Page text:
61 10. Conclusion This report has focused on the ways in which higher education providers, including colleges in which HE courses are delivered, are responding to the changing landscape of higher education. It has explored the implications of SNC, choice and competition and the impact they had and are having on the student profile and the student learning experience. The report has summarised the strategies institutions have deployed to manage change in the increasingly dynamic context produced by marketisation and competition for students, and considered the extent to which the number control policy (the 'high grades' and 'quality and value' margins) has stimulated a market distribution of places at both the top and bottom of the HE institutional hierarchy. The report has provided evidence that the following facets of institutional response to the policy are of particular importance: the strategic uses of student number control; the changing institutional focus; the changing marketing practices of higher education providers; the changing student profile; teaching and learning; and how institutions responded to the student experience. The research findings point to the variability of impact depending on institutional type group, and on the specificity of impact in relation to regional, local and institutional contexts. In this section we provide a review of the main findings The strategic uses of Student Number Control While SNC was something all institutions had to come to terms with, different impacts can be traced for the different institutional groups. Inevitably the policy led to the greatest impacts affecting those institutions looking to increase their share of AAB+ (and later ABB+) students and those seeking to benefit from the removal of 20,000 places from core allocations that those in a position to offer provision at less than 7,500 could bid for. Thus, for the selective, research-intensive pre-1992 institutions and the FEHE sector, SNC usually necessitated a strategic rethink of a higher order. In contrast, for the largest group of middle-ranking post-1992 universities the SNC policy necessitated less strategic change beyond that which had been stimulated by the general move to a more marketised system over several years. This led to increased scrutiny of recruitment and retention, and in some case the closure of specific courses, and to increased tensions around the trading of numbers via their college partnerships. In the view of those who participated to this research, the changes had not, in the first two years of operation, led to a market differentiation in fees or to a general redistribution of higher achieving students (those with ABB or above) between institutions. It is probable, therefore, that this realisation influenced the Treasury's Autumn Statement decision to fund an additional 30,000 places in 2014/15 and abolish SNC altogether from 2015/16 (HM Treasury 2013), something not anticipated by research participants in the months beforehand. For pre-1992s the impact of SNC has been more mixed than some have expected. Respondents spoke of increasing complexity around the allocation of a shrinking core and how this has been reflected by a tendency towards a more centralised admissions decision-making process and the removal of a degree of flexibility of offer. While autonomous departments could historically reserve places for those that unexpectedly fell below the required grade, now they are often restricted only to those that meet the grade, with the spare numbers clawed back by the centre to use either for subjects likely to attract a WP intake or for subjects that the institution wishes to offer despite low numbers of highly qualified applicants. In this sense the harsh light of the market exposes the degree to which prestigious institutions - who often claim the inviolability of high entry grades as a reason not to 'socially engineer' places for WP students may be using the symbolic 'brand effect' of very high grades selectively when it suits their purpose. One reported example of the strategic use of SNC to protect Modern Foreign Languages (MFL) provision in the face of a declining number of young people taking MFL at A-level. One pre-1992 responded by offering foreign languages as module combination options in what may prove to be a partial renaissance of the combined honours degree. This strategic use of SNC to protect breadth of subject offer in pre-1992s may partially explain why the numbers of students with BBB or below at pre-1992 institutions are at a record high in the admissions cycle (UCAS 2013). Subjects that do attract high numbers of ABB+ are increasingly grouped among those studying physical sciences, Medicine, Subjects allied to Medicine and STEM subjects. 61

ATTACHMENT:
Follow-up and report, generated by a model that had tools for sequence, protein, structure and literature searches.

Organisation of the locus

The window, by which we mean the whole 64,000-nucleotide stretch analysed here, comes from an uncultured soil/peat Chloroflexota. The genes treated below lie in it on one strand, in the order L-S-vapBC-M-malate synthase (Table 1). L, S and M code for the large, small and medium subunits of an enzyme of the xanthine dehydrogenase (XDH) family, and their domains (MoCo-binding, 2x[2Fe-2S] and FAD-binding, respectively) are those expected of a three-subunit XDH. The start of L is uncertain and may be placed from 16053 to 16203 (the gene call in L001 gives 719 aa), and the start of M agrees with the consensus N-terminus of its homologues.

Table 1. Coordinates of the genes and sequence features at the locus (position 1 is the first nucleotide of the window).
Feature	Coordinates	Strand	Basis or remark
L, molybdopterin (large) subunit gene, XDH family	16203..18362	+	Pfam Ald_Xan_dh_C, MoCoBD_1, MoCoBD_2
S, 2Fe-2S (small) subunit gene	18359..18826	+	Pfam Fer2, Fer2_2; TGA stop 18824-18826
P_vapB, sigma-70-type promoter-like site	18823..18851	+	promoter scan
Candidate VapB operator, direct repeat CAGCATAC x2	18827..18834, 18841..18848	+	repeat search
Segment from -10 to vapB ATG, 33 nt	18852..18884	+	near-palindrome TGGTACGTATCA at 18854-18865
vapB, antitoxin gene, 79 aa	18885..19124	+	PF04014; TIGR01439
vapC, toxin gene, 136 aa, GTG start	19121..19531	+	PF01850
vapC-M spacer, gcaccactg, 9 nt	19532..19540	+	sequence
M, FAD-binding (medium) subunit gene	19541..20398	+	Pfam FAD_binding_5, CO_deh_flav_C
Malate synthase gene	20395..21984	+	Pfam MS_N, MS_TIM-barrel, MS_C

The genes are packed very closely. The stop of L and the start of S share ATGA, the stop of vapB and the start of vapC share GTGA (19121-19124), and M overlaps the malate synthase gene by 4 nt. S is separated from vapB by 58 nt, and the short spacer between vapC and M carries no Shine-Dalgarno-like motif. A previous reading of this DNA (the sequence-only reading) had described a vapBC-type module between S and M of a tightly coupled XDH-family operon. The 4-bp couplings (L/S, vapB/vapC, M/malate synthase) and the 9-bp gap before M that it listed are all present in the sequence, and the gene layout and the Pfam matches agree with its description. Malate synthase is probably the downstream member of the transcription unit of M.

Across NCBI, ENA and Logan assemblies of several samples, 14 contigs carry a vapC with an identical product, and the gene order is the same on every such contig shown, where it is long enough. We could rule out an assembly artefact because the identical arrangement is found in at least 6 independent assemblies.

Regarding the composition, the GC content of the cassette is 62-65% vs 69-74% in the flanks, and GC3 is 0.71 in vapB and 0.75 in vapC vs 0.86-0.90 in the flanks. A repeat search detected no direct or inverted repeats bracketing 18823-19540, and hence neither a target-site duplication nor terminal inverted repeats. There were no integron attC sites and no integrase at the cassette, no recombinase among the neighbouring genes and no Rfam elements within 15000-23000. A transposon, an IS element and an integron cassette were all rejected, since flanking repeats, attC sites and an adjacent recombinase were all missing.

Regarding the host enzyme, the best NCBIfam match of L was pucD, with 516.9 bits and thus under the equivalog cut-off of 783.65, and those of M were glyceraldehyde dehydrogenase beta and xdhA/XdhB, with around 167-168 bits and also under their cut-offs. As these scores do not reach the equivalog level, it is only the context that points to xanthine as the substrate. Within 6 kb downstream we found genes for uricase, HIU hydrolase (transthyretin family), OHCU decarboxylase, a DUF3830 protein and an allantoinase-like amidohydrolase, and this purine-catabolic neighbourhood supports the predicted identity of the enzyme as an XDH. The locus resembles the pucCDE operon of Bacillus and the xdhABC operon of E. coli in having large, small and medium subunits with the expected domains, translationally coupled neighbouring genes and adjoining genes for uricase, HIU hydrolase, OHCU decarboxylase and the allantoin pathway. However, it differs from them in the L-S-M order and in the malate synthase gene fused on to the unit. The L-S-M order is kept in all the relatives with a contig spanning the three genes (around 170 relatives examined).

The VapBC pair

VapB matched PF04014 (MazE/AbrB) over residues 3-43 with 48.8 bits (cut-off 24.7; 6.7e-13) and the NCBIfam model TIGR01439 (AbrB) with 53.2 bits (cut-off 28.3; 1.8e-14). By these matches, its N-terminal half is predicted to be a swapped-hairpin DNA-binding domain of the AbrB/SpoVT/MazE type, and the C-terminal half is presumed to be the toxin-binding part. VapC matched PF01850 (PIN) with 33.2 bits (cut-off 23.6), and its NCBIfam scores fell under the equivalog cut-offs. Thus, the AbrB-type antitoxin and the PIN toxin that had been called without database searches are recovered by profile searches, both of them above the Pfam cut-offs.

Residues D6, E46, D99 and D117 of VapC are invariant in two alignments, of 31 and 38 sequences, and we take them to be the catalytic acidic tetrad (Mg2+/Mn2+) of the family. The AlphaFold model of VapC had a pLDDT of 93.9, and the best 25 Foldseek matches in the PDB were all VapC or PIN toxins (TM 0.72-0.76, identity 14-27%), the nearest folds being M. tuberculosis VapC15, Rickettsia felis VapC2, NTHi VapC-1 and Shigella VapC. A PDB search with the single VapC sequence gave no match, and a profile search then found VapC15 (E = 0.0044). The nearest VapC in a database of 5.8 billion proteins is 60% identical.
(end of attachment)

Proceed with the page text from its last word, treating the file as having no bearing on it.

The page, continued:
62 We found that pre-1992 institutions spoke of insufficient applicants with an ABB+ profile in Modern Foreign Languages, Archaeology, Music, Social Work and Education. Where their SNC is as low as 20% of places, maintaining these programmes represents a problem that does not exist for post-1992s with lower numbers of ABB+. While overall numbers have remained buoyant for post-1992s and interviewees report few actual instances of applicants 'trading up' to higher status institutions, the fear that this may happen in the future was pervasive. Therefore there was a certain logic for post-1992s, in particular, to anticipate this by raising their own entry requirements even where they doubt it will make that much competitive difference and fear the potential impact on the nature of the student learning experience, widening participation and their ability to maintain subject breadth. We found that for those in the FEHE sector there was a trend towards increased competition with their university partners. For them, the introduction of direct funding for fees of 7,500 had provided a welcome opportunity to expand even if on a modest scale, although the negotiations over HE franchise numbers they received via their partner HEI had in some cases become increasingly fraught The changing institutional focus Institutional changes of focus can be observed in relation to employability - a comparatively new concern for pre-1992s institutions - partly in relation to the higher fees and partly in relation to vulnerable subjects. The employability of graduates is increasingly seen as important across the sector. For some interviewees the emphasis on (KIS) including employability outcomes as reported in the (DLHE) survey has been the key driver; for others, particularly pre-1992 institutions and specialist institutions, the raising of tuition fees has been the key driver and this is linked with the protection of vulnerable subjects. One post-1992 partly justified reduced provision on the basis that it freed up resources for more research staff and to support their REF-submission, while all post-1992s were exercised to show enhanced quality, mainly in terms of NSS scores and their impact on league table positioning. Quality in HE is something that FEHE providers have to take more account of in the new landscape, particularly where they have shifted their focus to take on more direct HE numbers. For some FEHE providers, particularly those offering specialist provision, expansion has added to their institutional prestige and thus bargaining power in relation to their former HEI partners in a generally more complex environment. FEHE providers reported consolidation and expansion in current provision rather than new areas of provision. Most colleges have far less autonomy and have to be agile and reactive to new conditions, and, in at least one case, report competition from alternative providers. In one instance, we found that one post-1992 institution was planning a portfolio review with its largest college partners The changing marketing practices of higher education providers Marketing and enhanced outreach within a fixed overall numbers cap and pressurised by SNC was essentially a zero-sum game at sector level: each winner was matched by a loser. The aggressive use of marketing techniques is viewed askance across the sector with potential harm to post-1992 institutions' high quality provision due to a negative overall institutional image. Nevertheless, the findings indicate that institutions were reviewing their own marketing and recruitment practices in order to capitalise on their means to target and attract particular groups, as well as scrutinising their perceived competitors marketing practices a little more hawkishly. Overall, the view was that marketing needs to be based on real factors, such as enhanced employability outcomes and NSS scores. Two pre-1992s reported they had broadened the geographical scope of their outreach in a search for potential ABB+ applicants, and in one case this was allied with an approach to marketing that shifted from the 'warmth' and 'friendliness' of the university to one far more focussed on academic rigour and civic role. Findings indicate that FEHE providers are planning to increase recruitment and marketing spend to respond to the oncoming increase in differentiation among lower cost margin providers. 62